There is a statute of limitations on complaints to the CSLB: four years from the time of the work in the case of patent (easily discoverable) defects; 10 years for latent (not easily discoverable) defects. You generally must file your complaint within these time limits for the CSLB to act on your behalf. But if a contractor provides a workmanship warranty for a period longer than specified in the statute of limitations, you can press your claim through the CSLB for the full period of the warranty.
A $12,500 bond should cover the costs of most individual roofing jobs. But if a company has gone bankrupt, other customers are likely to have filed claims, and the bonding company’s total liability is limited to the amount of the bond. Wages of company workers will be paid first; then the bonding company will divide the remaining funds among all claimants, prorated according to the amount of their claims.
Does It Carry Proper Insurance Coverage?
Make sure the contractor carries liability and workers’ compensation insurance. A liability policy pays for damages to your home or your neighbor’s home if a ladder falls through a bay window; workers’ compensation pays for injuries to the worker who tumbled. Without these policies, you could be liable. Before signing a contract, require the contractor to show you current certificates of insurance for both types of policies.
Is It Financially Sound?
Make sure your roofer will be around to finish the job and that you won’t be left fending off the roofer’s creditors—who could put a lien on your house.
A good way to assess financial soundness is to obtain—and check—references. Ask for the names of major materials suppliers; then ask them how much credit they commonly extend and about the contractor’s recent payment performance.
If your roof has been damaged during a storm, beware of contractors who appear out of nowhere to offer help. Lots of roofers chase storms, traveling from area to area in search of easy money. Some of these companies perform good work, but many do not; and if your newly repaired roof begins to leak a year or two later, it could be hard to track down the out-of-area contractor.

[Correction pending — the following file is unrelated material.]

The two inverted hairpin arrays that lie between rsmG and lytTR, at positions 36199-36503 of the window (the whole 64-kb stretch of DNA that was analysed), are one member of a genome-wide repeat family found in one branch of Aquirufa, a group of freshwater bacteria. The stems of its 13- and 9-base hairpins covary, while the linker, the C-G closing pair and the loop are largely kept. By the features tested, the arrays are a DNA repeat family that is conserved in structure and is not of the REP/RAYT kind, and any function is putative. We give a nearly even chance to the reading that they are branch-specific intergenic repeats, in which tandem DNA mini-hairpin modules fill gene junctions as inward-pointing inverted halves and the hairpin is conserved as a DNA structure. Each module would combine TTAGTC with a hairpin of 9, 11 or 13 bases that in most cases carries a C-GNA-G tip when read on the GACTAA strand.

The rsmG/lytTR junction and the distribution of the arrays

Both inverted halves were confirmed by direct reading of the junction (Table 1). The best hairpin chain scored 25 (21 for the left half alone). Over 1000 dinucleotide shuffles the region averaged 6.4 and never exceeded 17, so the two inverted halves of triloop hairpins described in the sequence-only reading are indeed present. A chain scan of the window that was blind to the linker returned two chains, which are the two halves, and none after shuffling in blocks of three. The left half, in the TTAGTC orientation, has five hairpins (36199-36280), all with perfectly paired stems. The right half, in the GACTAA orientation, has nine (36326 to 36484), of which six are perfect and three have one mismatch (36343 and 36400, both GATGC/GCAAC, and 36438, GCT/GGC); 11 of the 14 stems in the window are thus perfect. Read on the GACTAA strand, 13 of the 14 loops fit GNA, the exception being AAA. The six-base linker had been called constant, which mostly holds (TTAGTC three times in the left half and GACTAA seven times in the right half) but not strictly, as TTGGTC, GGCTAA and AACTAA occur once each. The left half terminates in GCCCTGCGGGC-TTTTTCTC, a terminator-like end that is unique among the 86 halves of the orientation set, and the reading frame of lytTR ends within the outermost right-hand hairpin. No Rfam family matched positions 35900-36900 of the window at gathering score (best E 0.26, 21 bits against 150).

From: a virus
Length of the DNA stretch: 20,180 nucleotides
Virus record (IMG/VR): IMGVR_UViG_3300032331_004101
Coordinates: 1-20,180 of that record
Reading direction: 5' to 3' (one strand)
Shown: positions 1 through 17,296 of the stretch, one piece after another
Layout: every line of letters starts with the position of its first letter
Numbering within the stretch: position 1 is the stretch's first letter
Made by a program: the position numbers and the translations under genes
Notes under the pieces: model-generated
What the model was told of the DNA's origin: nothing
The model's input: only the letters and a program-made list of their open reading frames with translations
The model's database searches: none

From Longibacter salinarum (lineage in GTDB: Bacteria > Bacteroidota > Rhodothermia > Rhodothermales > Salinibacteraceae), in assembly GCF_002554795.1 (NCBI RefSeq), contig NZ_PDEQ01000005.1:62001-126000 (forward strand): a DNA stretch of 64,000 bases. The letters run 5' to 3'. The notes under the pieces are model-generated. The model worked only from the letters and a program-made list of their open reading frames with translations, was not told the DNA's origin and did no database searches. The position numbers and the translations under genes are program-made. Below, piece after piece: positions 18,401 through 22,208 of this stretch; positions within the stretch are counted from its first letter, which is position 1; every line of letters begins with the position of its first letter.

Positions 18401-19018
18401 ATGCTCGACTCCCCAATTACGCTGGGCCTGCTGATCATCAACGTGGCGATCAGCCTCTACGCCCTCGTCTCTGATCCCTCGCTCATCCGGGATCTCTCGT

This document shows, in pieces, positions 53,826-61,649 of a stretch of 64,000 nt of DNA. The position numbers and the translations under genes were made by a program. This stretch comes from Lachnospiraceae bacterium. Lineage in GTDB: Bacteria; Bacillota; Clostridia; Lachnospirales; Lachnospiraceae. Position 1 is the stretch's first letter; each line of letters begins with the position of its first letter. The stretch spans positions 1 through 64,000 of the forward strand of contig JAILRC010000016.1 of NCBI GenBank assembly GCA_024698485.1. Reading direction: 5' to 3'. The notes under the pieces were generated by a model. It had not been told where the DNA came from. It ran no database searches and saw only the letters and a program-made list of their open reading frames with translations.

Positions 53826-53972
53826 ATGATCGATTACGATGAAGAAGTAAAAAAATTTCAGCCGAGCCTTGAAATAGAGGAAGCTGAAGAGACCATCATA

What Warranty Will You Get?
You’re likely to get two types of warranties: one on materials from the manufacturer, another on workmanship from the roofer. Many manufacturers also offer extended warranty protection.
The materials warranties offered by the major shingle manufacturers are very similar. Asphalt composite shingle manufacturers, for example, agree to pay for the cost—including labor—to repair or replace shingles proven to be “defective.” The duration of the warranty varies with the quality of shingles. A manufacturer’s warranty generally begins with a specified period of time (for example, five years) during which the warranty covers the entire cost of replacing defective shingles. After the initial period, the manufacturer’s exposure is reduced on a pro rata basis each year for the remainder of the warranty’s duration.
Roofers’ warranties of their labor often aren’t spelled out as clearly. Some simply say “labor guaranteed for X year(s).” Others say “guaranteed against defects in workmanship for X year(s).” Roofers’ warranties most often cover one to two years, but some are in effect for five years or more.
Because these statements can be unclear, be specific. Will you recover costs or have work redone for free only if you can prove things were done improperly or just if the roof leaks? And if workmanship is defective, does the contractor have to provide materials in addition to labor?
To nail it all down, ask roofers to supply the following warranty: “If roof leaks within X year(s), except as a result of accidental damage, contractor will bear the cost of labor and materials to eliminate all leaks.”
To supplement warranties—and to protect yourself if roofers go out of business and aren’t around to honor their warranties—most manufacturers now offer extended warranties covering workmanship. To buy one of these warranties, you must use a properly licensed, insured contractor approved by the writer of the warranty. Also, the warranty seller will require the roof to be installed according to proper specifications.
Extended warranties usually cost $4 to $10 per 100 square feet of the roof, depending on the length of the warranty. If your roof measures 2,500 square feet, and a typical 20-year extended warranty costs $10 per 100 square feet, you’d pay $250. As with most extended warranties, we here at Checkbook doubt that the value of these manufacturer-offered warranties justifies the cost, but they do represent additional protection.